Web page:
West has become best viewing for NBC’s ‘Sunday Night Football’
Not so long ago, it seemed as if the only significant time NBC’s “Sunday Night Football” spent on the West Coast was to shoot the theme song on a Los Angeles soundstage.
But there’s been a seismic shift for TV’s No. 1 prime-time show, which continues Sunday with the Rams playing at San Francisco.
A record six of the network’s first eight games this season will have been played in the Pacific time zone, and there’s a seventh such matchup — Kansas City at Las Vegas — in Week 11.
The previous high for the West was five Sunday night games (2019 and 2014), but there were also two years when there was just one such game (2015 and 2011).
So far, the West is holding up its end of the bargain. The Rams cut the ribbon on SoFi Stadium with a Sunday night game against Dallas in Week 1. Both games in Seattle have come down to the last second, with the Seahawks pulling off breathtaking victories over New England and Minnesota.
“The NFC West, to me, is the best division in football,” said Fred Gaudelli, who produces the show that has been the No. 1 program in prime time for nine years running.
For Alex Smith’s father, Doug, it was emotional and inspiring to see his son play quarterback Sunday for the first time since his gruesome leg injury.
“It’s really competitive. You’ve got exciting players, young coaches — and then the oldest coach [Seattle’s Pete Carroll], so there’s a lot of great stories out here.”
In all, NBC has seven Sunday night games this season in the West: two games each in Seattle, San Francisco and Las Vegas as well as one in Los Angeles.
Perhaps happiest about that is NBC play-by-play announcer Al Michaels, who lives in Brentwood. He started calling “Monday Night Football” games in 1986 yet had never called a game in L.A. until the Rams played host to Atlanta in the 2017 season’s playoffs.
“I’m overstating this,” Michaels said, “but in my 34 prior years, it feels like I had seven total games in the West.”
With their victory over the Philadelphia Eagles on Sunday, the Pittsburgh Steelers improved to 4-0 for the first time since 1979, the season when they wound up beating the Rams in Super Bowl XIV.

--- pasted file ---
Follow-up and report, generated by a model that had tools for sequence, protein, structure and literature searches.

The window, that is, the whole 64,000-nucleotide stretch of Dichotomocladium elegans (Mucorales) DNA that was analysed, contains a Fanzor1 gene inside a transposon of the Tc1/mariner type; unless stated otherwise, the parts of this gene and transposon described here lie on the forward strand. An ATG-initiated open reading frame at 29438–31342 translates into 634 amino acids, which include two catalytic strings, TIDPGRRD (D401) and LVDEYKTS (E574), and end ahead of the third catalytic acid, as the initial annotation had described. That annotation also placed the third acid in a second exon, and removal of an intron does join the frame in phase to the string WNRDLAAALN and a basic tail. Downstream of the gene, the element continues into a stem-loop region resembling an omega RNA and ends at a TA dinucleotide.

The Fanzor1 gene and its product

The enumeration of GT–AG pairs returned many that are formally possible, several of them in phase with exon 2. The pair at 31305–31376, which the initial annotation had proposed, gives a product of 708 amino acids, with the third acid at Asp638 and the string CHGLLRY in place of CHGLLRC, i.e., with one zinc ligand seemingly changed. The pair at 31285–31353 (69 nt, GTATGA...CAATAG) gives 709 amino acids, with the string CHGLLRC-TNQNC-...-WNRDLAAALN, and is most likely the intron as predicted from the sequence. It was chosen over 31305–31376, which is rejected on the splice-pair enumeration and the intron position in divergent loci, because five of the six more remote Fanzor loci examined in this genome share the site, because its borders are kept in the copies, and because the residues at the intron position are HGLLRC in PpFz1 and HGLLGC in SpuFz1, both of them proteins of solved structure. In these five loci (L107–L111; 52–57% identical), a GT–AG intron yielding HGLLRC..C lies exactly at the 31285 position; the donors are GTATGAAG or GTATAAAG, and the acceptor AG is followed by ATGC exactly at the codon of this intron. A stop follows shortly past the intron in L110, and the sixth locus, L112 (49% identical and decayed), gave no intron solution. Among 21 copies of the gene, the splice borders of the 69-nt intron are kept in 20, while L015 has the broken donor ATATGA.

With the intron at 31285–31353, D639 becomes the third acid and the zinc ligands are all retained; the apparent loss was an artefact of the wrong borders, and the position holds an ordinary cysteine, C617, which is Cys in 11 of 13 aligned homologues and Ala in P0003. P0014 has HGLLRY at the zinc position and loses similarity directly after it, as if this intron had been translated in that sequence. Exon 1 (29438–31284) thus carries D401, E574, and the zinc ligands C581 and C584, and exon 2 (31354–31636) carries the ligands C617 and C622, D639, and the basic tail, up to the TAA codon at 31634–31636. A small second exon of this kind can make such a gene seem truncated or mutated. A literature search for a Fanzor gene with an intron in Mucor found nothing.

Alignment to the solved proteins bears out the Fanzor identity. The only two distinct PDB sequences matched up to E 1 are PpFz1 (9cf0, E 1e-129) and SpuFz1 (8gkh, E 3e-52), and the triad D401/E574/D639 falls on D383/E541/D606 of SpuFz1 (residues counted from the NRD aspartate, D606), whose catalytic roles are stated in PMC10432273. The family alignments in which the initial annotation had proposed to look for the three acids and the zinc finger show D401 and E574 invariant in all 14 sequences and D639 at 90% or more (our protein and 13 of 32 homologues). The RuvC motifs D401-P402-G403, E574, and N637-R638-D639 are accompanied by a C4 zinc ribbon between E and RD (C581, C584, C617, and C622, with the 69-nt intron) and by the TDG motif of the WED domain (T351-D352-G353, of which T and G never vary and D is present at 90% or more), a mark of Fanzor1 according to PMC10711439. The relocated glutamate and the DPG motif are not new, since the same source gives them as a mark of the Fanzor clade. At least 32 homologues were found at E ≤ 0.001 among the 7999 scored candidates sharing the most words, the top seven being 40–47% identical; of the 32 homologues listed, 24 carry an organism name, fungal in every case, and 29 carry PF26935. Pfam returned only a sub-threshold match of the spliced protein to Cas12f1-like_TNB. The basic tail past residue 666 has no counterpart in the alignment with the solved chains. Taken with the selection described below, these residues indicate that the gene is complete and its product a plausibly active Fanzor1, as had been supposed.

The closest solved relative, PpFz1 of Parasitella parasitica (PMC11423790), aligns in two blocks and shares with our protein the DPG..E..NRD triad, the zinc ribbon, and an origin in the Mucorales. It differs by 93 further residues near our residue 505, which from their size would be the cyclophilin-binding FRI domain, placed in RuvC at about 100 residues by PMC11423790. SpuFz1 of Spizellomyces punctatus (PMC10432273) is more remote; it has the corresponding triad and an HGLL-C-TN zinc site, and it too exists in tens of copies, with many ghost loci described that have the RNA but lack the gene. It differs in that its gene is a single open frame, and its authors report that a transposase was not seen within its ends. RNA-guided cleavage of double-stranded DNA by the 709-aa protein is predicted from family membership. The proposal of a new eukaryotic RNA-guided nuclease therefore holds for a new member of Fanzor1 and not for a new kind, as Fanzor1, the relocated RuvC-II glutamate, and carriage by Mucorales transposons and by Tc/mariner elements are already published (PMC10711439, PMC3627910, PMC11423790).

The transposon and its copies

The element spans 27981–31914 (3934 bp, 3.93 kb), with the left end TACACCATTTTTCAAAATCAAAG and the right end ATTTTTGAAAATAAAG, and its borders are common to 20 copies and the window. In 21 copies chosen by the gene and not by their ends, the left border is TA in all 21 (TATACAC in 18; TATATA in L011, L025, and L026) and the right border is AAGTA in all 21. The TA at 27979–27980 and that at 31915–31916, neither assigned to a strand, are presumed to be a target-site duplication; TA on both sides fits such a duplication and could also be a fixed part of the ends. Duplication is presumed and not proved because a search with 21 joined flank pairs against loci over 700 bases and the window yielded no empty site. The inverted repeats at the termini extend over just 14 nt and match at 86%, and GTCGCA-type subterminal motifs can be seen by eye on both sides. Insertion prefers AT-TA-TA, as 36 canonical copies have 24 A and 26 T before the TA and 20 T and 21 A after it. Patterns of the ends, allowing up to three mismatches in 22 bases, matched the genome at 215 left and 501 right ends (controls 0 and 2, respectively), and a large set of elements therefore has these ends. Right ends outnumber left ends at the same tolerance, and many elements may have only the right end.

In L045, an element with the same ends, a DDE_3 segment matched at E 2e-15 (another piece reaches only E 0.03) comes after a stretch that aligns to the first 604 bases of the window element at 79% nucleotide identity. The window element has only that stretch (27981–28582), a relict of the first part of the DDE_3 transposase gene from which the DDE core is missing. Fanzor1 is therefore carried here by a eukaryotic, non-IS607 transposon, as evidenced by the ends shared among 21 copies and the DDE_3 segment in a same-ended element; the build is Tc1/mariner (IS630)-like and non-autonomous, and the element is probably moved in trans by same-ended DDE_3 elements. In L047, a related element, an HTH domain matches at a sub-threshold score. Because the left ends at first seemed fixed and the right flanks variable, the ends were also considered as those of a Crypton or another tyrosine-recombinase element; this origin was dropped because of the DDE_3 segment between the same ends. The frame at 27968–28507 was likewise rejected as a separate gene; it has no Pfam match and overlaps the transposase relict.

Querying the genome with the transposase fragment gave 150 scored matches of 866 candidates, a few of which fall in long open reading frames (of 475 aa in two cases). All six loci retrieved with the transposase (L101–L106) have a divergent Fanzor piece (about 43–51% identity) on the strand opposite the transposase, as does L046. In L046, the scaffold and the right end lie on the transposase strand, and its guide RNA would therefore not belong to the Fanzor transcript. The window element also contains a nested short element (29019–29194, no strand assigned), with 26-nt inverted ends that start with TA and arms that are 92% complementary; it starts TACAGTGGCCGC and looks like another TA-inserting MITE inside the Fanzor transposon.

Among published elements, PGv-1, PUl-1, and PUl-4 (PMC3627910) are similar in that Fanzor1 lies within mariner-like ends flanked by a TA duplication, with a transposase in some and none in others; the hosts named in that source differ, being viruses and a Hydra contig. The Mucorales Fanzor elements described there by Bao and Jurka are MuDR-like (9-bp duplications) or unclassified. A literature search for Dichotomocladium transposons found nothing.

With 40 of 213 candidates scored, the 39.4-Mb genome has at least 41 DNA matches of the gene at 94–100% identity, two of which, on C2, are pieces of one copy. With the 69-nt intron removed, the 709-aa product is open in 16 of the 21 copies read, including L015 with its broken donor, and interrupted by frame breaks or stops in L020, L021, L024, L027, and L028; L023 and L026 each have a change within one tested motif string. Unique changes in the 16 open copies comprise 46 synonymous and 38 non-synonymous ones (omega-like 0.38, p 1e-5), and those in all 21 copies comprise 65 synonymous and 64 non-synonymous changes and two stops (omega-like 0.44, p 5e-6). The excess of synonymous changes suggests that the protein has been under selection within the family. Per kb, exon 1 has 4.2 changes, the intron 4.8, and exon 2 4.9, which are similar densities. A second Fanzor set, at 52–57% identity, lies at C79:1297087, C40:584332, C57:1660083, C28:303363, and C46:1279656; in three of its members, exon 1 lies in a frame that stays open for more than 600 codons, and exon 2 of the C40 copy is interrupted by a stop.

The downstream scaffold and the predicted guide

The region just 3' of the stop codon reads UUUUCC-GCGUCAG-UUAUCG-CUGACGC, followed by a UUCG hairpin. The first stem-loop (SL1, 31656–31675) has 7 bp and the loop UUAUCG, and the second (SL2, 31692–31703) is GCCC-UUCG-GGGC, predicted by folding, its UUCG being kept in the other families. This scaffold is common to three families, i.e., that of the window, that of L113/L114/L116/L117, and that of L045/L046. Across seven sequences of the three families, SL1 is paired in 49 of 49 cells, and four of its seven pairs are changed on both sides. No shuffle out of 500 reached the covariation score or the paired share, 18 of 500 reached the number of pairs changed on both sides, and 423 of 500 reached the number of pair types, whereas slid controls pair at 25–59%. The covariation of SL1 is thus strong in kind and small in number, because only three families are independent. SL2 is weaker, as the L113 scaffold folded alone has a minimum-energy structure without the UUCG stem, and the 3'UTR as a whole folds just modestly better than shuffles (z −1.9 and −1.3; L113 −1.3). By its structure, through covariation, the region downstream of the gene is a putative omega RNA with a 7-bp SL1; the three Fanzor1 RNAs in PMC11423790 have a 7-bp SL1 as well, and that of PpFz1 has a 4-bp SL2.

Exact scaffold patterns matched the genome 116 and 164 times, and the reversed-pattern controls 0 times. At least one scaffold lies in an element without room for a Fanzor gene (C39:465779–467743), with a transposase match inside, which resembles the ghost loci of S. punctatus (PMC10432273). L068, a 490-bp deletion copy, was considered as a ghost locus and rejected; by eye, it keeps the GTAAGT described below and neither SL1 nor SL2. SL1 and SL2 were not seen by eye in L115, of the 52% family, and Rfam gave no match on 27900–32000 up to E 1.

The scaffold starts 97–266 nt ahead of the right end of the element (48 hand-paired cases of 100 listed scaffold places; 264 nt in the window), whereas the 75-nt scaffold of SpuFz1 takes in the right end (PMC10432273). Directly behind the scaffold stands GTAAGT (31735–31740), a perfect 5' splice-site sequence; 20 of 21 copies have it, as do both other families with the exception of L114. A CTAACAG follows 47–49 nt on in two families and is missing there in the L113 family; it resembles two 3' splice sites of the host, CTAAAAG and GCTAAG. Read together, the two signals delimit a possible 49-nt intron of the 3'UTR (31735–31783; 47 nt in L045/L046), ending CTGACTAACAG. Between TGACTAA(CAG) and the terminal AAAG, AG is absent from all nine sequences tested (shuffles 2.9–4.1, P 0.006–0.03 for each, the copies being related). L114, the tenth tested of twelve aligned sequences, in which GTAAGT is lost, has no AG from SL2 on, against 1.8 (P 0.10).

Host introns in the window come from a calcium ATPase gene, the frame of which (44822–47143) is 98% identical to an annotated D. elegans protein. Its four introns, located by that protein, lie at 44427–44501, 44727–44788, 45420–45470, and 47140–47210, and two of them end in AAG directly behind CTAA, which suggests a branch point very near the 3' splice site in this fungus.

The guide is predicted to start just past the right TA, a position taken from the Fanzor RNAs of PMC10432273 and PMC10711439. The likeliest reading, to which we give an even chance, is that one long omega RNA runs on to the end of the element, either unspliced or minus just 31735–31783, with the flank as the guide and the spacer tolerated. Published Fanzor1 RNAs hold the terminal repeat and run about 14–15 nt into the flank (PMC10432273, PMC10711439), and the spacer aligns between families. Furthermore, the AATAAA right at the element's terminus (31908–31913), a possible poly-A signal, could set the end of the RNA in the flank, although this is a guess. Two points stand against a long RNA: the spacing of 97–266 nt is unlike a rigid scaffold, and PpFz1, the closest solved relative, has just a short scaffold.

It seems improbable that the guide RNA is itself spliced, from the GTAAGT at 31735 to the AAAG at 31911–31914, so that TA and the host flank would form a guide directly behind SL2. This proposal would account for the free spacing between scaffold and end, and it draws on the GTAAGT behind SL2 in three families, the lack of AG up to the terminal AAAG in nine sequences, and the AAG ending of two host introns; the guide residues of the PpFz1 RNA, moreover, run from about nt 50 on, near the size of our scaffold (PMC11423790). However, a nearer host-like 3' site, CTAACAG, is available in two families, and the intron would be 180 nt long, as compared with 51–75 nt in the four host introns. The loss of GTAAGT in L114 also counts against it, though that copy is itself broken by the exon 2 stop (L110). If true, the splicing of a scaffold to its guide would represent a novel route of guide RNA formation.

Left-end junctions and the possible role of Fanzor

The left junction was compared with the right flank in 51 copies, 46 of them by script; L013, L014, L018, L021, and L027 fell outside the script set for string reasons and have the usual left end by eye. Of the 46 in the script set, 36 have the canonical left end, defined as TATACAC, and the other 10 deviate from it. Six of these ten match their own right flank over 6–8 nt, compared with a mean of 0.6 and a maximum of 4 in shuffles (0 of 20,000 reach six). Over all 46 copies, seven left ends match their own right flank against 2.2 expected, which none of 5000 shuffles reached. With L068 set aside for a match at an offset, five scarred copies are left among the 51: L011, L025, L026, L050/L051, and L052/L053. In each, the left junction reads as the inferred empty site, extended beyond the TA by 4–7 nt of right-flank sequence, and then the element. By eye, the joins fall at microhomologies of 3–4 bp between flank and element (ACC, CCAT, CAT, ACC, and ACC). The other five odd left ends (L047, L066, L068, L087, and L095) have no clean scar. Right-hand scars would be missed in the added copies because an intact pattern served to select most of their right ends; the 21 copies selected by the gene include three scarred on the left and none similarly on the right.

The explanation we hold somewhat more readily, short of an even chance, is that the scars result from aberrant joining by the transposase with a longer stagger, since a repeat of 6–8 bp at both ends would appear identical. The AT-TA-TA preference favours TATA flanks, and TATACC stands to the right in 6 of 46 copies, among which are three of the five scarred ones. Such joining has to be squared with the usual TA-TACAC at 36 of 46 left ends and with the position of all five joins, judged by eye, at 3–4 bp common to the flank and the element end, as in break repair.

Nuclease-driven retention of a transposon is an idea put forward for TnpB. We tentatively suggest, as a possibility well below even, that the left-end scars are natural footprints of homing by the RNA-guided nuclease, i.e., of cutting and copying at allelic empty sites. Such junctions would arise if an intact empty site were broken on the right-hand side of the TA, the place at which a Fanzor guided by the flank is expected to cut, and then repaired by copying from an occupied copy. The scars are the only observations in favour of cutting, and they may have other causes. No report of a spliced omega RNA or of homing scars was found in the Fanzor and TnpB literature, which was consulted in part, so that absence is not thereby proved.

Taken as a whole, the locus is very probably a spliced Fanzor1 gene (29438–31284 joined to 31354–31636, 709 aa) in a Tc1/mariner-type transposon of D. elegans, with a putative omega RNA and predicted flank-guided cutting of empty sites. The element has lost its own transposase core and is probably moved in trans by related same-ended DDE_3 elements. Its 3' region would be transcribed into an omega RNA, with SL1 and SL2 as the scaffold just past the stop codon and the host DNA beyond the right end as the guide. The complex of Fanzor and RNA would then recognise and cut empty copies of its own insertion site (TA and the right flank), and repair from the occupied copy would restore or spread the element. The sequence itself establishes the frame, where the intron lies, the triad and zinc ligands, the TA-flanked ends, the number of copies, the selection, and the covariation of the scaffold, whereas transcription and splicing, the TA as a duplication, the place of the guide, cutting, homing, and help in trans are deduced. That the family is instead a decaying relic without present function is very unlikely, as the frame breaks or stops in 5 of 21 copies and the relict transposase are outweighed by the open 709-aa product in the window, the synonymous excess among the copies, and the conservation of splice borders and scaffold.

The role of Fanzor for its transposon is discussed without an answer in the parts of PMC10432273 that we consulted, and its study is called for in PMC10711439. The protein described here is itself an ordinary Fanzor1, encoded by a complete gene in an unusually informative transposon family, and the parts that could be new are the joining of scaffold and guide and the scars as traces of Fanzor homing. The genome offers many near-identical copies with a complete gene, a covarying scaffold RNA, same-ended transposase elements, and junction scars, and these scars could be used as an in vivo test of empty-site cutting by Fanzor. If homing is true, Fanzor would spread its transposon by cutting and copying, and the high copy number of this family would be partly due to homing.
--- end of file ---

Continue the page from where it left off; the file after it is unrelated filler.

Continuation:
Rookie wide receiver Chase Claypool scored four touchdowns (three receiving, one rushing) against the Eagles. The last time a rookie receiver scored four touchdowns in a game was that same year, 1979, when Buffalo’s Jerry Butler reeled in four touchdown passes against the New York Jets. Interestingly, those were Butler’s only touchdowns of that season, even though he caught passes in 13 games.
Doing the leg work
At times toward the end of his career with the Rams, running back Todd Gurley looked like a ground-down shell of himself. But he looked plenty solid for the Atlanta Falcons on Sunday, running for 121 yards, including a 35-yard touchdown, in a 23-16 loss to the Carolina Panthers.
The NFL was looking to move the minimum amount of games to accommodate the postponement of Broncos-Patriots. The solution was to essentially redraw the Chargers’ schedule.
It was Gurley’s fifth touchdown this season and his 75th career touchdown, and he got there in 78 games. Only three backs reached that milestone in fewer games, and all are in the Hall of Fame: Jim Brown (72 games), LaDainian Tomlinson (72) and Emmitt Smith (77).
Arizona quarterback Kyler Murray ran for a touchdown in Sunday’s victory over the Jets, giving him five rushing touchdowns for the season. He’s the fourth quarterback since 1970 with at least five rushing touchdowns in his team’s first five games, joining Cam Newton, Kordell Stewart and Terry Bradshaw.
Go beyond the scoreboard
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